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Art Pick of the Week – Susanna

July 22nd, 2019

Lucian Freud. Susanna, 1996. Etching on paper, 50.8 x 49.8 cm. Gift of Dr. A.D. Taliano, 2006. © The Lucian Freud Archive / Bridgeman Images 2006/367

What do this week’s Art Pick of the Week and your last slip of the tongue have in common? They’re both Freudian. Susanna is a mysterious, contemplative etched portrait by artist Lucian Freud, one of the most celebrated figurative painters of our time. He also happens to be the grandson of famed Austrian neurologist and founder of psychoanalysis, Sigmund Freud. Susanna can be found on Level 1 outside the doors of the Marvin Gelber Print & Drawing Study Centre.

This treasured work by Freud, part of our comprehensive Prints & Drawings Collection, is one of three at the AGO and one of only seven in Canada’s public collections. Traditional etching uses the manipulation of a metal plate with acid and an etching needle to create intricate line detail, which is then covered in ink and applied to paper. Freud’s masterful use of the medium is highlighted through the unique textures of Susanna’s hair and facial features. It’s hard not to consider what she may be thinking about.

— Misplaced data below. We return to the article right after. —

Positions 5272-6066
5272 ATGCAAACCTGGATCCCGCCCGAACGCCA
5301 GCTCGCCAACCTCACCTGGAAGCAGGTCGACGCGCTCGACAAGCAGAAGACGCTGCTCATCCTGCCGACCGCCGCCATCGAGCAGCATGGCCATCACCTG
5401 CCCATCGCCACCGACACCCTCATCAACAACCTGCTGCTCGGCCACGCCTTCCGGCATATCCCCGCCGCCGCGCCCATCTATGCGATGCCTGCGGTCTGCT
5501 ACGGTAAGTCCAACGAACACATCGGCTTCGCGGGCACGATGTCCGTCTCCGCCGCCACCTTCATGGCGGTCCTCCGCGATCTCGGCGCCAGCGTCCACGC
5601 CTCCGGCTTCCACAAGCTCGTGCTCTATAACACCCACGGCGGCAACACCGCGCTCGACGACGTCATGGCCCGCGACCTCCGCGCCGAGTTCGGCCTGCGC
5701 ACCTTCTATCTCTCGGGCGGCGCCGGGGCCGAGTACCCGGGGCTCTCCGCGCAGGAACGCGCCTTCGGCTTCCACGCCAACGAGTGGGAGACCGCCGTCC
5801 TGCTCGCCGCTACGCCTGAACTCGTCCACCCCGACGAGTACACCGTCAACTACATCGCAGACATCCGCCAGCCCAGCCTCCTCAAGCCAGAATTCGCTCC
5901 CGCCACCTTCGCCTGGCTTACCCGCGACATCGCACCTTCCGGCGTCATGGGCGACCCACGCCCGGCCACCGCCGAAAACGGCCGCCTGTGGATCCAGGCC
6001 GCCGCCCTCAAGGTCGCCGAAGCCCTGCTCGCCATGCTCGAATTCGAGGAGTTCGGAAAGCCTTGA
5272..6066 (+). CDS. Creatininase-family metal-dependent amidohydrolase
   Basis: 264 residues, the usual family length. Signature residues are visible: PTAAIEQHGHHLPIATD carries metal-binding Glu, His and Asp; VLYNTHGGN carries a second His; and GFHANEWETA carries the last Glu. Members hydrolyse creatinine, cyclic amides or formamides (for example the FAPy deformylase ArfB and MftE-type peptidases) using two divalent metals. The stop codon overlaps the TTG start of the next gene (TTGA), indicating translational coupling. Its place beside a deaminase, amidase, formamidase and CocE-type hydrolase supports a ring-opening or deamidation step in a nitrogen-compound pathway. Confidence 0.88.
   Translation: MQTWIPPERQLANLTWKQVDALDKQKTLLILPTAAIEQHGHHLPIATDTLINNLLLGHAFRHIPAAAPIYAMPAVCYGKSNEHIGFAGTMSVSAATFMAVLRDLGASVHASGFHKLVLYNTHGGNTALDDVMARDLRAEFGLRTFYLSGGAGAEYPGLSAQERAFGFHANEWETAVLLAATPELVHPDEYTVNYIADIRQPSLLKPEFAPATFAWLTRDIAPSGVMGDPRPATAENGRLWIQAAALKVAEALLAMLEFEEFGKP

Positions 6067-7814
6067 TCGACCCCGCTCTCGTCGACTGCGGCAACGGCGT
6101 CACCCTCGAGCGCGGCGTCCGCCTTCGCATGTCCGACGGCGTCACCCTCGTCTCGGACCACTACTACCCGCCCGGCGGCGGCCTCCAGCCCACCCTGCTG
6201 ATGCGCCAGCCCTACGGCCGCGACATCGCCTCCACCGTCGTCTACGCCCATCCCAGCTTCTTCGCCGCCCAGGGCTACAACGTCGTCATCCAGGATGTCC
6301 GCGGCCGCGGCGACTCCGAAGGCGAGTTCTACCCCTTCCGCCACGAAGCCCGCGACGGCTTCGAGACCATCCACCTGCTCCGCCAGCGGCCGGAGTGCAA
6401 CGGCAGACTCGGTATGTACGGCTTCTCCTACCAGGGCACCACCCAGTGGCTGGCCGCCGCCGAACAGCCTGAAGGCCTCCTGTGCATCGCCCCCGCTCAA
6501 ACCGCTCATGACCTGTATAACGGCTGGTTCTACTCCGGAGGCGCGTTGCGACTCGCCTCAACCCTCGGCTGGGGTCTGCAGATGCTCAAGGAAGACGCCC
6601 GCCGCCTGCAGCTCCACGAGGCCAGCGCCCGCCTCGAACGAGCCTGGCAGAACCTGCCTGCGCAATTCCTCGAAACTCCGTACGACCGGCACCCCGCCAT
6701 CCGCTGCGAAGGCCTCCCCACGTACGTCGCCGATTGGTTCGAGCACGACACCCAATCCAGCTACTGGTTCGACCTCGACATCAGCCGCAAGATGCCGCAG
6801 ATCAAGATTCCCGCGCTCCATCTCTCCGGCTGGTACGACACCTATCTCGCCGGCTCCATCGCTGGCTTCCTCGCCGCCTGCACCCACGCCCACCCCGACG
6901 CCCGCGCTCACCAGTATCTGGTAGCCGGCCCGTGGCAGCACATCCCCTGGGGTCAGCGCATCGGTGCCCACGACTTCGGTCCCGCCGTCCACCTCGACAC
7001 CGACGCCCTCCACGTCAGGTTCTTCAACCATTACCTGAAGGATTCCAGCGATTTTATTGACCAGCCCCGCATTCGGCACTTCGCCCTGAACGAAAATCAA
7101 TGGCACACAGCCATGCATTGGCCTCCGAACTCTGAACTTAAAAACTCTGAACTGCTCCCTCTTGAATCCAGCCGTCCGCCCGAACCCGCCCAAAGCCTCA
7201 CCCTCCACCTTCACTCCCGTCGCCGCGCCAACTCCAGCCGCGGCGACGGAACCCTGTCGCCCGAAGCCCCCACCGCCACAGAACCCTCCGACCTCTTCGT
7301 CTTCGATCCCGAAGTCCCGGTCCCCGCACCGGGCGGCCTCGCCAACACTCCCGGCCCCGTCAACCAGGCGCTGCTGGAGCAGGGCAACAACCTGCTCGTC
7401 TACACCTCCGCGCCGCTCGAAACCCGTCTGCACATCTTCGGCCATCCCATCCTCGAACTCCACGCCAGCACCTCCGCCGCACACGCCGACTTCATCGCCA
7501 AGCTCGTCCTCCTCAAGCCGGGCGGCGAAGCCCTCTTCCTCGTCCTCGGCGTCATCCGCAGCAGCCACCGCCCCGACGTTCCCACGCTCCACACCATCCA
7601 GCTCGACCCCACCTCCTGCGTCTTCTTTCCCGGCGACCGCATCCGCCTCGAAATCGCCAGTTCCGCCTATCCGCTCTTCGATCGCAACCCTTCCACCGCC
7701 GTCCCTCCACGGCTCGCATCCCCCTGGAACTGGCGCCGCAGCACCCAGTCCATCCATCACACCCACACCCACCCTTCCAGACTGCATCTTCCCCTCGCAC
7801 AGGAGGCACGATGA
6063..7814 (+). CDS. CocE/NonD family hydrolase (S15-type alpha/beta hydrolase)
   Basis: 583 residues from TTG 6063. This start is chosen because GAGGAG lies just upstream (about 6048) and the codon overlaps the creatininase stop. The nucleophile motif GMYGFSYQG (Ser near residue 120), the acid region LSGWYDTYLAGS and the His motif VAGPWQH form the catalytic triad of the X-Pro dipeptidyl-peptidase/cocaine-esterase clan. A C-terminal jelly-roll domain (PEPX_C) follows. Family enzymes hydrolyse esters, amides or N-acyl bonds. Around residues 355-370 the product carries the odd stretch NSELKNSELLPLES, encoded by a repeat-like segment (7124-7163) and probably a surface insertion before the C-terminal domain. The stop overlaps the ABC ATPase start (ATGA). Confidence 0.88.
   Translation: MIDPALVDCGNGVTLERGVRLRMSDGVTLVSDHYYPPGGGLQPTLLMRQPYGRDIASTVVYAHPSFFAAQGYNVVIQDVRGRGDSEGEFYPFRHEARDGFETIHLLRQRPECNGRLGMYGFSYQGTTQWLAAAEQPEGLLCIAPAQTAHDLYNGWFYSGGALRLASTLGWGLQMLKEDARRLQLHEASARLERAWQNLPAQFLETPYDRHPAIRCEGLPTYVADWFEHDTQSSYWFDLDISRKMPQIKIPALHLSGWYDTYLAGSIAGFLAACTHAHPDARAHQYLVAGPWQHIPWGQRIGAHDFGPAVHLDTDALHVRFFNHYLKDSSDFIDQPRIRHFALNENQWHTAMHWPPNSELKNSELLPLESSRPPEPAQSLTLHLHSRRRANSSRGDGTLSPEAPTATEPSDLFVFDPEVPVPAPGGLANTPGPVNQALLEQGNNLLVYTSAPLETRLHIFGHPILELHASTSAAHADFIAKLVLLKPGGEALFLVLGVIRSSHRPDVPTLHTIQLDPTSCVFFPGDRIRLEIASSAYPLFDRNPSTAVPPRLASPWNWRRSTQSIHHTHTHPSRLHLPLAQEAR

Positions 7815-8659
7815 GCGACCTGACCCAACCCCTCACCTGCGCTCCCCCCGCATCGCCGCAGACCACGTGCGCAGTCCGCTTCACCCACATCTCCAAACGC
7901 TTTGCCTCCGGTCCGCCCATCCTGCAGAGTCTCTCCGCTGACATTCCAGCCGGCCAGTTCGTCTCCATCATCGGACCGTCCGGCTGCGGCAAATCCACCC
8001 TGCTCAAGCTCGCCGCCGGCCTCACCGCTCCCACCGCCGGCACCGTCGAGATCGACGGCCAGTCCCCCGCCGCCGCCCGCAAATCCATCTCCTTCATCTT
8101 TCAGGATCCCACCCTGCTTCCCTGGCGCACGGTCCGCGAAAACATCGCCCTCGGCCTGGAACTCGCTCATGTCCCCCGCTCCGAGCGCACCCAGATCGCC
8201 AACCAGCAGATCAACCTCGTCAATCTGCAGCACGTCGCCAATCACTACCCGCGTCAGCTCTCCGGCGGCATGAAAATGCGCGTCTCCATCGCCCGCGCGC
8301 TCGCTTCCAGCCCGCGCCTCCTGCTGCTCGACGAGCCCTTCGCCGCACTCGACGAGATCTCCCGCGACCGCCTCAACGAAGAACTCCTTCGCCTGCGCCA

It’s believed that Susanna was a close friend of Freud’s in his later years. She was the wife of famed New Yorker editor Alexander Chancellor and owner of two pet dogs that Freud frequently cared for. Over an illustrious career of 50+ years, the vast majority of his subjects were friends and family members from his inner circle.

A known eccentric and the subject of much folklore, Lucian Freud was a purist when it came to following inspiration and artistic purpose. In 1956 he wrote, “the painter must give a completely free rein to any feelings or sensations he may have and reject nothing to which he is naturally drawn” – giving insight into the diversity exhibited in Freud’s work. His subjects range greatly in body type and demographic and they are often depicted nude in unique, vulnerable poses that seem to tell stories. Although Susanna is only shown from the neck up, the painting absolutely leaves you wondering what story is behind the subtle, faraway look in her eyes.

Stay tuned each week for a new Art Pick.

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